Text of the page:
Note: Ensure that the schemas you specify in both of the Microsoft Azure Synapse SQL ODBC connections belong to the same database.
Consider the following steps to use cross-schema pushdown optimization:
  1. 1. Create an Azure_DW1 ODBC connection and specify DW_schema1 schema in the connection properties.
  2. 2. Create another Azure_DW2 ODBC connection and specify DW_schema2 schema in the connection properties.
  3. 3. Create a mapping and perform the following tasks:
    1. a. Select the Azure_DW1 connection as source to read data from the source object using the DW_schema1 schema.
    2. b. Select the Azure_DW2 connection as target to write data to the target object using the DW_schema2 schema.
    3. c. Select the Enable cross-schema pushdown optimization check box in the advanced session properties.
    4. The following image shows the Enable cross-schema pushdown optimization property:
    5. d. Run the mapping.
When you run the mapping, the Secure Agent reads data from the source object using DW_schema1 and writes data to the target object using DW_schema2.

Pushdown optimization functions

Microsoft Azure Synapse SQL supports full pushdown and source pushdown optimization.
The following table summarizes the availability of pushdown functions in a Microsoft Azure Synapse SQL database. Columns marked with an X indicate that the function can be pushed to the Microsoft Azure Synapse SQL by using full pushdown and source pushdown optimization. Columns marked with a dash (-) symbol indicate that the function cannot be pushed to the database.
Function
Pushdown
Function
Pushdown
Function
Pushdown
ABORT()
-
INITCAP()
-
REG_MATCH()
-
ABS()
X
INSTR()
X
REG_REPLACE
-
ADD_TO_DATE()
X
IS_DATE()
-
REPLACECHR()
X
AES_DECRYPT()
-
IS_NUMBER()
-
REPLACESTR()
X
AES_ENCRYPT()
-
IS_SPACES()
-
REVERSE()
-
ASCII()
X
ISNULL()
X
ROUND(DATE)
-
AVG()
X
LAST()
X
ROUND(NUMBER)
X
CEIL()
X
LAST_DAY()
-
RPAD()
-
CHOOSE()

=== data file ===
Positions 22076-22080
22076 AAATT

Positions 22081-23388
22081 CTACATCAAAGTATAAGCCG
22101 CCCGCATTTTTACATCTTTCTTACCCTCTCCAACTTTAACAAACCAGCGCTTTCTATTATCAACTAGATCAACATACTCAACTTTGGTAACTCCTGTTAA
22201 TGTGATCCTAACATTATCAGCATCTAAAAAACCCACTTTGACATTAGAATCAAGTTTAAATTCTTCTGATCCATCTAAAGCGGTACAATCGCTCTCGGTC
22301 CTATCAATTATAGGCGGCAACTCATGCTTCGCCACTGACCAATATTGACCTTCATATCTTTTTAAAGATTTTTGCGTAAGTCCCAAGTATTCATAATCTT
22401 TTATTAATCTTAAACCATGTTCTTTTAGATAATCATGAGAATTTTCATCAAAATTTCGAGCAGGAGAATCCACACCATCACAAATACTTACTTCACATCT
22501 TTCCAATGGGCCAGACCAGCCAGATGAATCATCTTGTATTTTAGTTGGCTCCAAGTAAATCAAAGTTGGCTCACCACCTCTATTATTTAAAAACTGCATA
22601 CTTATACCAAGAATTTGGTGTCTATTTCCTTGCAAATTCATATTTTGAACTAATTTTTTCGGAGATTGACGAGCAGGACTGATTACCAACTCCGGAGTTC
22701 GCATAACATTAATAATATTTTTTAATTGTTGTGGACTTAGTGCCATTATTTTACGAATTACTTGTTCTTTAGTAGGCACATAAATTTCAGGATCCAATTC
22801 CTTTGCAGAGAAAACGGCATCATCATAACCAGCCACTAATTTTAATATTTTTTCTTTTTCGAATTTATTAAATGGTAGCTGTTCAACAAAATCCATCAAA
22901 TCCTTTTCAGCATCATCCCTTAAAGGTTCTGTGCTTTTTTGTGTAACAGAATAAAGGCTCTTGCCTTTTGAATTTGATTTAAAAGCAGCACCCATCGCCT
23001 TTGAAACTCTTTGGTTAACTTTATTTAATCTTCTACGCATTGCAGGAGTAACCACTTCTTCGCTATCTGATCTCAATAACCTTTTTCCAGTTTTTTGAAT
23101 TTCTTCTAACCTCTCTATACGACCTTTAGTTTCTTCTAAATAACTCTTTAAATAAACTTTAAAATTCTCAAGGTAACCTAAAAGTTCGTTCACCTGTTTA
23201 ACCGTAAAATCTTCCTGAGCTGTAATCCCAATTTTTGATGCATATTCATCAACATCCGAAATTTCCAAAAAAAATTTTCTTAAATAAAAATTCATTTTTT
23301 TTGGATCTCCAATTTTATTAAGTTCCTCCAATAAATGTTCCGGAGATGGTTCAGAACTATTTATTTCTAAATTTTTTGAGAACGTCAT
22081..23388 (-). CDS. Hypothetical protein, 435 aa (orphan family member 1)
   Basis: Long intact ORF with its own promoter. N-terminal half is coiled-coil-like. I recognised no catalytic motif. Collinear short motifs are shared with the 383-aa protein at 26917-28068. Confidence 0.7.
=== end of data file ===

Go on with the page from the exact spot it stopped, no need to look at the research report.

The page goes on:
-
LEAST()
-
RTRIM()
X
CHR()
X
LENGTH()
X
SET_DATE_PART()
X
CHRCODE()
-
LN()
-
SIGN()
X
COMPRESS()
-
LOG()
X
SIN()
X
CONCAT()
X
LOOKUP
-
SINH()
X
COS()
X
LOWER()
X
SOUNDEX()
X
COSH()
-
LPAD()
-
SQRT()
X
COUNT()
X
LTRIM()
X
STDDEV()
X
CRC32()
-
MAKE_DATE_TIME()
X
SUBSTR()
X
CUME()
-
MAX()
X
SUM()
X
DATE_COMPARE()
-
MD5()
X
SYSDATE()
X
DATE_DIFF()
X
MEDIAN()
-
SYSTIMESTAMP()
X
DECODE()
X
METAPHONE()
-
TAN()
X
DECODE_BASE64()
-
MIN()
X
TANH()
X
DECOMPRESS()
-
MOD()
X
TO_BIGINT
X
ENCODE_BASE64()
-
MOVINGAVG()
-
TO_CHAR(DATE)
X
EXP()
X
MOVINGSUM()
-
TO_CHAR(NUMBER)
X
FIRST()
X
NPER()
-
TO_DATE()
X
FLOOR()
X
PERCENTILE()
-
TO_DECIMAL()
X
FV()
-
PMT()
-
TO_FLOAT()
X
GET_DATE_PART()
X
POWER()
X
TO_INTEGER()
X
GREATEST()
-
PV()
-
TRUNC(DATE)
-
IIF()
X
RAND()
-
TRUNC(NUMBER)
X
IN()
-
RATE()
-
UPPER()
X
INDEXOF()
-
REG_EXTRACT()
-
VARIANCE()
X
The following table lists the pushdown operators that can be used in a Microsoft Azure Synapse SQL database. Columns marked with an X indicate that the operator can be pushed to Microsoft Azure Synapse SQL by using full pushdown and source pushdown optimization. Columns marked with a dash (-) symbol indicate that the operator cannot be pushed to the database.
Operator
Pushdown
+ - * /
X
%
X
||
-
= > < >= <= <>
X
!=
X
^=
X
NOT AND OR
X
The following table summarizes the availability of variables in Microsoft Azure Synapse SQL. Columns marked with an X indicate that the variable can be pushed to Microsoft Azure Synapse SQL by using full pushdown and source pushdown optimization. Columns marked with a dash (-) symbol indicate that the variable cannot be pushed to the Microsoft Azure Synapse SQL.
Variable
Pushdown
SESSSTARTTIME
-
SYSDATE
X
WORKFLOWSTARTTIME
-
Microsoft Azure Synapse SQL supports the following transformations for full pushdown and source pushdown:

Rules and guidelines for functions in pushdown optimization

Use the following rules and guidelines when pushing functions to a Microsoft Azure Synapse SQL database: